ABC grabs first upfront deals
Fox close to inking deals, sources sayABC has done the first deals of the broadcast primetime upfront, reaching agreements with media agencies Starcom and Zenith Media, according to sources familiar with the situation.
Mediaweek has learned that the deals garnered ABC an average of between 8%-10% cost-per-thousand rate increases for its primetime inventory.
The dollar value of the deals with each media agency could not be determined, though sources said it was a significant amount of business placed by each agency, not just for a couple of clients.
Neither of the agencies nor ABC would comment on any business conducted.
Sources said Fox is also close to doing some upfront deals, while NBC is trying to hammer out a deal with GroupM, the media agency conglomerate that started last year's upfront marketplace with NBC. All parties involved in those negotiations also declined comment.
In its negotiations with Starcom and Zenith, ABC reportedly opened its negotiations seeking low-double-digit percent CPM increases for primetime inventory, sources said. The percentages eventually agreed to are averages, since different shows sell at different values, depending on their ratings.
Zenith and Starcom have major movie companies as clients, and movie studios traditionally like to get their money down in the marketplace for Thursday night programming, a key night to reach consumers before the weekend. Sources said movie clients across all agencies were getting antsy about getting their dollars placed.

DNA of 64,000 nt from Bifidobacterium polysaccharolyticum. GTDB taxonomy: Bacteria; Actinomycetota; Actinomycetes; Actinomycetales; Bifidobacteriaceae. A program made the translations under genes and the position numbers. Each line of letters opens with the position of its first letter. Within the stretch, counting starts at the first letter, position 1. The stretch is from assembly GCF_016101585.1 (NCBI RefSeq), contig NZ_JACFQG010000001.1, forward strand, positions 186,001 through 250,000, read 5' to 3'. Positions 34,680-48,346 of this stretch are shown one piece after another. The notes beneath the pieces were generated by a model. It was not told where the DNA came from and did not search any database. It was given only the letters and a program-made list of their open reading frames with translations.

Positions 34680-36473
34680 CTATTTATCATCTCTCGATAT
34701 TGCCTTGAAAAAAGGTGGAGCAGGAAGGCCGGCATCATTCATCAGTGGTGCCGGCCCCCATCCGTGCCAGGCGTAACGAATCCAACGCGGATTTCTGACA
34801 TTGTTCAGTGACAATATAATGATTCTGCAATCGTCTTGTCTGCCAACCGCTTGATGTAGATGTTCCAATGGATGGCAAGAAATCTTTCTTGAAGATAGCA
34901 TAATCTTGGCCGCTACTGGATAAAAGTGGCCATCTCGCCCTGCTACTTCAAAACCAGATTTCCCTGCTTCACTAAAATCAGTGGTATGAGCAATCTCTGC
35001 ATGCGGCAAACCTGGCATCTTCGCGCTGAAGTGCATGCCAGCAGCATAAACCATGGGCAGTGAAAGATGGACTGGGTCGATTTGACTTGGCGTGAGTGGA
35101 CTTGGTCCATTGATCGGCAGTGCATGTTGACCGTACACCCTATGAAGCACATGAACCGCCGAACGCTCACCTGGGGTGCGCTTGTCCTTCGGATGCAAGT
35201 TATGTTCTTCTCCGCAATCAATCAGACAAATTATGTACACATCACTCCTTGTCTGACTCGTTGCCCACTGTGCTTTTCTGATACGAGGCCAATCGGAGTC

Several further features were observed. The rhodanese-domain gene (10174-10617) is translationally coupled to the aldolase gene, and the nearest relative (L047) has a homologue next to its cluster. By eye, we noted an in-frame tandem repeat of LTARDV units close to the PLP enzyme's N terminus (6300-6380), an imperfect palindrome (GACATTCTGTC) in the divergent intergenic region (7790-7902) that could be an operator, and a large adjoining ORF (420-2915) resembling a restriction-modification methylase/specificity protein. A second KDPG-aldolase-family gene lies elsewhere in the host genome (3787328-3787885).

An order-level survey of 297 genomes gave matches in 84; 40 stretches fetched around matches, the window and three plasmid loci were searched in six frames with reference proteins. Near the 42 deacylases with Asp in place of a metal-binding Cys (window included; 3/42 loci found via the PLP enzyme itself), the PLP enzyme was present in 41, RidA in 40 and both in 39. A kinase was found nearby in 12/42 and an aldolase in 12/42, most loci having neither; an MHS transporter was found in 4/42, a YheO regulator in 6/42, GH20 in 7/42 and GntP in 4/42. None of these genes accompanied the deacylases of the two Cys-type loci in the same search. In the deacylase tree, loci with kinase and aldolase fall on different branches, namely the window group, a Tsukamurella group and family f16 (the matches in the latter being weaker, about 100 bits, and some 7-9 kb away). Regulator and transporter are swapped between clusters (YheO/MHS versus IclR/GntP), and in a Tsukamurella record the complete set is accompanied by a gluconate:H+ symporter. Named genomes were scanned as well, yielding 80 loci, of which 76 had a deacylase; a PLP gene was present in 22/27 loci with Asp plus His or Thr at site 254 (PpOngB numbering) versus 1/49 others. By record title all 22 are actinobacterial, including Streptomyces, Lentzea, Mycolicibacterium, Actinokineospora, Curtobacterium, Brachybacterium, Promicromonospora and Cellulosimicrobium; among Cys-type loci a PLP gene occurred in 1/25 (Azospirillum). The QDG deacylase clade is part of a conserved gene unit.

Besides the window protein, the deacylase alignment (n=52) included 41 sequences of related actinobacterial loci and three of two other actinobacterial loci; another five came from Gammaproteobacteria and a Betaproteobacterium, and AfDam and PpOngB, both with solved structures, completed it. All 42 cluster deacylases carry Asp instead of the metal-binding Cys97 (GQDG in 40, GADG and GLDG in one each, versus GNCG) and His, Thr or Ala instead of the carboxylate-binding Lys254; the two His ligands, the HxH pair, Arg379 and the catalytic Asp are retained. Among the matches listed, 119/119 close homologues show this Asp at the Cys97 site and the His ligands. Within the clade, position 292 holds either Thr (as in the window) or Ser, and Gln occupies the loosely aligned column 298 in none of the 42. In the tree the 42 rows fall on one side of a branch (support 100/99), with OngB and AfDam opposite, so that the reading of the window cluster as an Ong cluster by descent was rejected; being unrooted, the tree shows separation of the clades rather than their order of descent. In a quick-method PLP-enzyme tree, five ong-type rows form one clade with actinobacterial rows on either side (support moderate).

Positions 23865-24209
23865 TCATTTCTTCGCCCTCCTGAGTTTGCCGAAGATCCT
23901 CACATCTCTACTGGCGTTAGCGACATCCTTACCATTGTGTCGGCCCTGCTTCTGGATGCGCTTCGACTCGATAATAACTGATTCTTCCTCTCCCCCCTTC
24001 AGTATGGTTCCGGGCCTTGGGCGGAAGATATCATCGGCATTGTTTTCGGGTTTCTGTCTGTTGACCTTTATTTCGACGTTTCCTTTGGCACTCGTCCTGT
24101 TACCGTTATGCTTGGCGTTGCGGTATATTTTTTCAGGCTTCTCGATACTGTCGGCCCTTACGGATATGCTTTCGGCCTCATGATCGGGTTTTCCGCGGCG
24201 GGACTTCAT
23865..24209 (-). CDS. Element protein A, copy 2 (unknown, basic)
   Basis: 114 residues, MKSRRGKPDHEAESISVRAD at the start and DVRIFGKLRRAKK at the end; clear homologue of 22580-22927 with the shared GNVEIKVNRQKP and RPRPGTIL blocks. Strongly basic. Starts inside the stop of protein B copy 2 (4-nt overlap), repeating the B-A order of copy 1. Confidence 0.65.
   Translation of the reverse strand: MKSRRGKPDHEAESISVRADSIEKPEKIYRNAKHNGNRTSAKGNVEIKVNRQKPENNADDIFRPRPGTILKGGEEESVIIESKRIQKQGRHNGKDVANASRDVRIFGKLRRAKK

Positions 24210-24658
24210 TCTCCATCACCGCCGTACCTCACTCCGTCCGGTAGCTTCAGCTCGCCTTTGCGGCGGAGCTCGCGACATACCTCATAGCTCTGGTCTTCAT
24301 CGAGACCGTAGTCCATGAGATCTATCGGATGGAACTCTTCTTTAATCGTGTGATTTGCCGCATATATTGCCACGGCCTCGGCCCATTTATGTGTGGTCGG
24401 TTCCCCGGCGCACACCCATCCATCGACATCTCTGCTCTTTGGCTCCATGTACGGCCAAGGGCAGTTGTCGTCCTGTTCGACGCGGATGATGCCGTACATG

Zenith does buying for Twentieth Century Fox Filmed Entertainment. Among Zenith's other clients are Toyota, Verizon, General Mills, Nestle and Astra Zenica.
Starcom does media buying for Walt Disney Studios, and is the media agency for the Walt Disney Co., which is also the parent company of ABC. Starcom also recently did a minor $10 million upfront deal with cable network Hallmark, which also is a Starcom client. Starcom's other clients such iinclude Kellogg's, Allstate and Best Buy.
The first broadcast deal in last year's upfront was not agreed to until the second week in June.
Both ABC and Fox were expected to be the networks receiving the most demand in the upfront because each has what advertisers perceive to be hot shows with younger skewing audiences. ABC was winning the ratings battle among the 18-49 demo at the start of last season, before the WGA strike. And Fox counts "House," "24" and "American Idol" among its strongest show, and got positive media buyer feedback for its slate of new shows "Fringe" and "The Dollhouse."